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Y.E.S. Festival premieres three plays

Kellie Geist

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In 1981, two former faculty members rode home from The Actors Theatre of Louisville’s “Humana Festival of New American Plays.” They talked about whether Northern Kentucky University could put on such an event. In 1983, the Year End Series Festival of New Plays (Y.E.S. Festival) premiered at NKU.

Project director of the Y.E.S. Festival, Sandra Forman, and the theatre faculty review between 300 and 500 scripts from throughout the world for each festival. “I try to get the faculty to read them and we narrow it down to 20 scripts, then everyone starts reading and we get it down to the final three shows,” Forman said. “We are looking for a combination of interesting shows with different themes and styles that will make a good festival.”

This year’s Y.E.S. Festival, which opens April 12, is the 13th biennial series NKU has performed and will bring the number of shows premiered to 42. “We’ve done readings of shows we couldn’t physically or fiscally produce and we’ve done a few musicals,” Forman said. The Y.E.S. Festival is the only series of new plays put on by an undergraduate program in the country. “It’s not an easy thing to do, but it’s the quintessential theater experience,” she said. “With plays that have been done before you can research to see how it’s been done, but a new play that’s never been done before requires total creativity.”

The 2007 Y.E.S. Festival is premiering three plays, all of which Forman likes for different reasons. “‘The Chester County Automaton(s)’ is very funny, ‘The Aaronsville Woman’ is a gorgeous story about abuse and coming home, and ‘In the Walk of King Death’ is a look at the ‘What if?’ questions we’ve all asked ourselves.”

Many of the scripts that have been performed at previous Y.E.S. Festivals have moved on to be published, with the names of NKU students inside as the premiering cast, and some are off-Broadway. “It’s very exciting,” Forman said. “The Y.E.S. Festival is all about creating.”

The Chester County Automaton(s)

“The Chester County Automaton(s)” is the first show produced in the Y.E.S. Festival written by an NKU student. Brad Cupples, a senior Bachelor of Fine Arts student who will be graduating in May, submitted his script under a pseudonym. Cupples told the theatre department that he’s “honored and excited to have his world premiere and first major production at the school he has called home for the past five years.” “The Chester County Automaton(s)” will close the 2007 Celebration of Student Research and Creativity and open the Y.E.S. Festival.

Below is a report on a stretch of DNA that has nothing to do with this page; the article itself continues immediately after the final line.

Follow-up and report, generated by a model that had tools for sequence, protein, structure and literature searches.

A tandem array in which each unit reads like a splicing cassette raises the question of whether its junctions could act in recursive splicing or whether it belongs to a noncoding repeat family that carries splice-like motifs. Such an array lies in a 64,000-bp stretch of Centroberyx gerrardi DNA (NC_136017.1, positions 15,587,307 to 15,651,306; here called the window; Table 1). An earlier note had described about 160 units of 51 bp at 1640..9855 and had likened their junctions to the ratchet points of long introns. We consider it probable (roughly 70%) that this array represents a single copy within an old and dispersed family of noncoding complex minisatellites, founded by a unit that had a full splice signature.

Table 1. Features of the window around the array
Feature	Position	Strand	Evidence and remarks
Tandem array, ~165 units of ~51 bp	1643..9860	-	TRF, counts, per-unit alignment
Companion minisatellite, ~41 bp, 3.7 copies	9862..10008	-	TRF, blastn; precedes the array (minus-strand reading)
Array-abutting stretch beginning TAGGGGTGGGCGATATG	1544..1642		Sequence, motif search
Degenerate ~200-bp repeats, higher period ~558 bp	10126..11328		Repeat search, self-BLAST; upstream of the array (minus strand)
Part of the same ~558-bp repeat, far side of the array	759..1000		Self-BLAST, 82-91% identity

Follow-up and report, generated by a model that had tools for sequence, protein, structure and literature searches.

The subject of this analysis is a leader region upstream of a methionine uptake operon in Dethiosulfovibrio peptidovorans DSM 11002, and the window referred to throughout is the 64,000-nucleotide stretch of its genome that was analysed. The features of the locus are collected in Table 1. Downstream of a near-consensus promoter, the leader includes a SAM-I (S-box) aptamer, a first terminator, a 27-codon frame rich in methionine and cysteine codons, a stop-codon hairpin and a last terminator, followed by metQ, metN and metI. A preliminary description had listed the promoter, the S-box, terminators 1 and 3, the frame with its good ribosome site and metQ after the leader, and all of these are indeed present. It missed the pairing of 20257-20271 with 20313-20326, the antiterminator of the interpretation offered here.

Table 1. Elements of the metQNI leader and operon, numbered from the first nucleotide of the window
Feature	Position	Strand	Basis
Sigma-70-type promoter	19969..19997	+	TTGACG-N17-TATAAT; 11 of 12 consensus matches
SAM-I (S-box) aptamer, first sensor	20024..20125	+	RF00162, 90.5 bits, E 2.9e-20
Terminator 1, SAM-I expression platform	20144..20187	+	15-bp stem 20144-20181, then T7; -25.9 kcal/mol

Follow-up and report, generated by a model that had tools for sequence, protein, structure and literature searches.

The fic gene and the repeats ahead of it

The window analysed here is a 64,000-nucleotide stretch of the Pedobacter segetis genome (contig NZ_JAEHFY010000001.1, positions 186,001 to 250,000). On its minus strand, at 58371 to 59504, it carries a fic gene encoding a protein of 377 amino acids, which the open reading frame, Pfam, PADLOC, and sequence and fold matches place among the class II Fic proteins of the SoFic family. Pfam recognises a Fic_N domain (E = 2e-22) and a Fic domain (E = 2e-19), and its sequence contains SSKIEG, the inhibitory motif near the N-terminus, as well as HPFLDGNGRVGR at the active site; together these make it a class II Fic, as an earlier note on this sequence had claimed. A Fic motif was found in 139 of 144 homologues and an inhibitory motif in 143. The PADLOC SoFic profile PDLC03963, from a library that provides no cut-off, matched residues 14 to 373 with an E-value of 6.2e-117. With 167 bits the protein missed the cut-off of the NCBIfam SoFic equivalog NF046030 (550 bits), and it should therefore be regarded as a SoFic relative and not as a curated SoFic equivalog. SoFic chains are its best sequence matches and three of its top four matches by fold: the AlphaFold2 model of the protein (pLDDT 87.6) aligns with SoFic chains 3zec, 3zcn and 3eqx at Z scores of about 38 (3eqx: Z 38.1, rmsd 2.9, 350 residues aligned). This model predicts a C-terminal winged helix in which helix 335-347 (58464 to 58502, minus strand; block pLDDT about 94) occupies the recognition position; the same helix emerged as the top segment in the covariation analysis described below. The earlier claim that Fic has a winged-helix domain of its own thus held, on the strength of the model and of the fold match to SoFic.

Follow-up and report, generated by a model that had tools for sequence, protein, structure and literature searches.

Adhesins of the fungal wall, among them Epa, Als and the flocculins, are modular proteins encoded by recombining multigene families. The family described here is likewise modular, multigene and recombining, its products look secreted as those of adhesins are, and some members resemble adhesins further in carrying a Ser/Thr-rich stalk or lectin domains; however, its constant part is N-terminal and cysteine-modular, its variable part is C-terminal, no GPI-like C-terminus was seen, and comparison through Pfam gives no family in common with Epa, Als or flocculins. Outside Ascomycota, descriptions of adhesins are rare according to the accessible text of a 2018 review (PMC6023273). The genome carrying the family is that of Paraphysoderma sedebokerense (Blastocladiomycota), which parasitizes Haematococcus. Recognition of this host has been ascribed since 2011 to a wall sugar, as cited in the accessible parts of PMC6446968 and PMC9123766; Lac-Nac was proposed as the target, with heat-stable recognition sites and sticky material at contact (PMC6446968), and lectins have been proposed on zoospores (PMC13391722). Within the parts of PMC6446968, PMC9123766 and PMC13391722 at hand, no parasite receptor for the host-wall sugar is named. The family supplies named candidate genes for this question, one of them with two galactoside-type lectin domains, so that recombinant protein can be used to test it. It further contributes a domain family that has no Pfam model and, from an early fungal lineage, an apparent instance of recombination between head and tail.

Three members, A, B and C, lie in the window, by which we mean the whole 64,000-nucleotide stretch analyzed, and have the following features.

When members of the First Uniform Church of Perpetual Joy and Humility learn that the local scientist is creating an automaton, or mechanical man, they are convinced the Apocalypse is at hand and will do anything to exorcise the demon from their midst. “The Chester County Automaton(s)” is a fast-paced comedy examining the battle between science and religion.

Mary Jo Beresford, director of “The Chester County Automaton(s),” said she is thrilled to direct the Y.E.S. Festival’s first student show. “It was quite a shock when we found out the play we picked was written by one of our students,” Beresford said. “I’m so proud of him.” Beresford has been part of the faculty working on the festival since its inception in 1983.

“We encourage all of our students to submit to the festival under a pseudonym, to keep things fair, but this is the first year an NKU student’s play has been selected,” she said. “It’s a dark humor with a little violence along the way, but I think if people keep in mind that it’s a comedy, it’ll be fine.”

The Aaronsville Woman

“The Aaronsville Woman” was written by Stephen Spotswood and will be the second show to debut in the Y.E.S. Festival. Renowned forensic anthropologist Eve Beecher is called back to her hometown when the skeletal remains of a woman believed to be thousands of years old are discovered. Upon her return, Beecher is forced to confront her painful past and the lost love that made her leave 20 years ago. When the bones are stolen, Eve must solve two mysteries: what happened to the bones, and why Samantha, her first love, betrayed her so long ago.

Spotswood is a journalist and playwright pursuing his Masters in playwriting at The Catholic University of America in Washington D.C. “The Aaronsville Woman” was read at The Kennedy Center’s Page to Stage Festival in September and workshopped at the Region II Kennedy Center American College Theatre Festival. The play will also mark the directorial debut for faculty member Teresa De Zarn.

“I think (The Aaronsville Woman) is probably one of the best-written new scripts I’ve ever worked on,” De Zarn said. Unlike the playwrights of the other two shows in the festival, Spotswood’s educational goals and job have kept him from being completely involved in the production of “The Aaronsville Woman.” De Zarn said, “This play has gotten a lot of national attention

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Y.E.S. Festival premieres three plays